Investing for impact
The ‘spectrum of impact’ is a way of mapping the broad range of risk and return strategies within the field of responsible investment. At Greenbank, we invest across the responsible, sustainable and impact-driven approaches.
Responsible and sustainable investment
Understanding the wider social and environmental impact of our holdings is a fundamental part of our investment process across the different approaches we apply. Prior to investing, potential holdings are screened to ensure they meet a minimum threshold of environmental, social and governance performance. Beyond this, companies are selected or excluded based on clients’ financial objectives and their specific impact priorities (positive screening) and concerns (negative screening).
Investors are increasingly seeking to achieve a positive social or environmental impact alongside financial returns. This approach is referred to as ‘impact investing’ and is defined by the Global Impact Investing Network (GIIN) as “investments made with the intention to generate measurable positive social and environmental impact alongside financial return”. Under the broad category of impact investing, there are a number of more specialised approaches, including social enterprise investment and ‘impact first’ investment. These approaches vary according to the balance between financial, social or environmental returns being sought.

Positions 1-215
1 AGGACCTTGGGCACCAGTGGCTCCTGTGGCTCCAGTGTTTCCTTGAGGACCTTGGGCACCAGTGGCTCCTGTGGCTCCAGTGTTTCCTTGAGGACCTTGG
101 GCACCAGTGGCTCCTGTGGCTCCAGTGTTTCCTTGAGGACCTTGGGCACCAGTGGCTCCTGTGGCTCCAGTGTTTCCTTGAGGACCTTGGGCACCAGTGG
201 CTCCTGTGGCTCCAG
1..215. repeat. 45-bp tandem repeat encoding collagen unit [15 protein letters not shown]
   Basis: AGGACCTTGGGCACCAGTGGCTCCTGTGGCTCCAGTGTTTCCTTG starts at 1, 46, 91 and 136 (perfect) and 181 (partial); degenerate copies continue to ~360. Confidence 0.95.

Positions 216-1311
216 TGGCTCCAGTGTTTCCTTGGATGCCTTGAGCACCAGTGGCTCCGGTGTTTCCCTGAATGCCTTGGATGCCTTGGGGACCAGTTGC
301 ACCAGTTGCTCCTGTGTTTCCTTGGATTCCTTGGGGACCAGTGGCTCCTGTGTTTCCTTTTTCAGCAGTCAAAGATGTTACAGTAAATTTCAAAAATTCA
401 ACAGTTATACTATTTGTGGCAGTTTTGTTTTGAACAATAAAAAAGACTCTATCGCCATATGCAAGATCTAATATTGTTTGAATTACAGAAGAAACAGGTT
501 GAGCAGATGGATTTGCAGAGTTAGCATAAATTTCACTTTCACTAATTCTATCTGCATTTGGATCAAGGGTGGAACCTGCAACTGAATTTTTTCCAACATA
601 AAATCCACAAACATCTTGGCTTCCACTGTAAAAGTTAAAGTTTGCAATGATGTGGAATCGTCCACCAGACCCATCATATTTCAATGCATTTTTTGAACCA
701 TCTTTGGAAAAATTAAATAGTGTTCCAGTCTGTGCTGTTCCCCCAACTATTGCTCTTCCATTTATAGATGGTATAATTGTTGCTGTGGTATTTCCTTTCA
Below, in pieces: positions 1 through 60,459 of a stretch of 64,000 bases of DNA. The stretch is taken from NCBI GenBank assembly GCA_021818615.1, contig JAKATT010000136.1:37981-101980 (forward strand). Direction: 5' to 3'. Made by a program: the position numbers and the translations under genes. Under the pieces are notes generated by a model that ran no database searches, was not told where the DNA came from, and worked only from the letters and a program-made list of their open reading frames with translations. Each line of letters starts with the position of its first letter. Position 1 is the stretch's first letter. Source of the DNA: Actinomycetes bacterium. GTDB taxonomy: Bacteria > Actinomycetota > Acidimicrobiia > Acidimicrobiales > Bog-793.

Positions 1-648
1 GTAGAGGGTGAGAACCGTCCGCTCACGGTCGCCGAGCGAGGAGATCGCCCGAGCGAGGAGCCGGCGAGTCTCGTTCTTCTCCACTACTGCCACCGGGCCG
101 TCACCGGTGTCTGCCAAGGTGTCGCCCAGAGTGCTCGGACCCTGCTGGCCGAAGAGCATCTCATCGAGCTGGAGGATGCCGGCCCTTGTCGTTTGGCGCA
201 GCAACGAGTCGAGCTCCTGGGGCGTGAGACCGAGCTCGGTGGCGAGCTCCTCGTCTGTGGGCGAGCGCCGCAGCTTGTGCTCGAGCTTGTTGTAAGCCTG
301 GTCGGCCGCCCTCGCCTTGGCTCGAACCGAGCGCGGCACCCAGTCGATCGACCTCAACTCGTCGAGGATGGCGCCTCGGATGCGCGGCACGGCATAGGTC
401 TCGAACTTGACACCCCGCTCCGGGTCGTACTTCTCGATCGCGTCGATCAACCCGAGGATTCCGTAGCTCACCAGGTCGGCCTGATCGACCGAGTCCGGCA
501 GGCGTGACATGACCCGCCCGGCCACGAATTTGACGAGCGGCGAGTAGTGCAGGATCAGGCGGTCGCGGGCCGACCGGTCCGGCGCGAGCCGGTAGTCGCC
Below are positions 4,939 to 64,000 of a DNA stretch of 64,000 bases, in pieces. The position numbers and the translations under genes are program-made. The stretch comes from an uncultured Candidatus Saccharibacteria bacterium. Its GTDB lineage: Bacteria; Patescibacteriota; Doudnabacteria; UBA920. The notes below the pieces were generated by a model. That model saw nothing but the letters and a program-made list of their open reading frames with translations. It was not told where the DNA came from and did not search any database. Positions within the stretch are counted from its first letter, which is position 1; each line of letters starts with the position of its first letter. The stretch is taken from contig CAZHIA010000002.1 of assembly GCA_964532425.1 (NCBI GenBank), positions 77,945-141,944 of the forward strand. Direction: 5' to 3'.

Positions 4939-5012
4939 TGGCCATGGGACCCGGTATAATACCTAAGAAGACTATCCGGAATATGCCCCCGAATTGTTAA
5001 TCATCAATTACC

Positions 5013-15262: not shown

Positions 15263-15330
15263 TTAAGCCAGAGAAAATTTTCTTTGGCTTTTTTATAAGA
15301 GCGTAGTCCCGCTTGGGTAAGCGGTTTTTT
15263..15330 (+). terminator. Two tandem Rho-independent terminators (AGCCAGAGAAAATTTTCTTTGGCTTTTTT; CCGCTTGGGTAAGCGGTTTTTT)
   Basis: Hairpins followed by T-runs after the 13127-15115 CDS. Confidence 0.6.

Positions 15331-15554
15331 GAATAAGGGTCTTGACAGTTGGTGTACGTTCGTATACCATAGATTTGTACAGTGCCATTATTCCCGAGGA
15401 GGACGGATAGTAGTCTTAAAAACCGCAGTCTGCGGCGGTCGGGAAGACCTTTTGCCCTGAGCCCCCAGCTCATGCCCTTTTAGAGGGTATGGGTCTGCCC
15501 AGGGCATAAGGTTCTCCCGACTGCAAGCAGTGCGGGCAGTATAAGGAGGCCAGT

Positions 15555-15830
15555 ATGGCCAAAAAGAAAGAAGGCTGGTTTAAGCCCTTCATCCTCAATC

Greenbank was one of the first private client investment management teams to implement such an approach and has made over 40 impact-driven investments since 2000. Investments have been made across multiple themes including social housing, sustainable transport, renewable energy, microfinance, and care provision for underserved groups such as the elderly, people with learning difficulties and ex-offenders.
While we seek a fair financial return from such investments, they are generally only appropriate for clients and trustees prepared to take on the additional risk inherent in such opportunities. For many impact investors this increased risk is balanced by the strong positive social or environmental impact generated.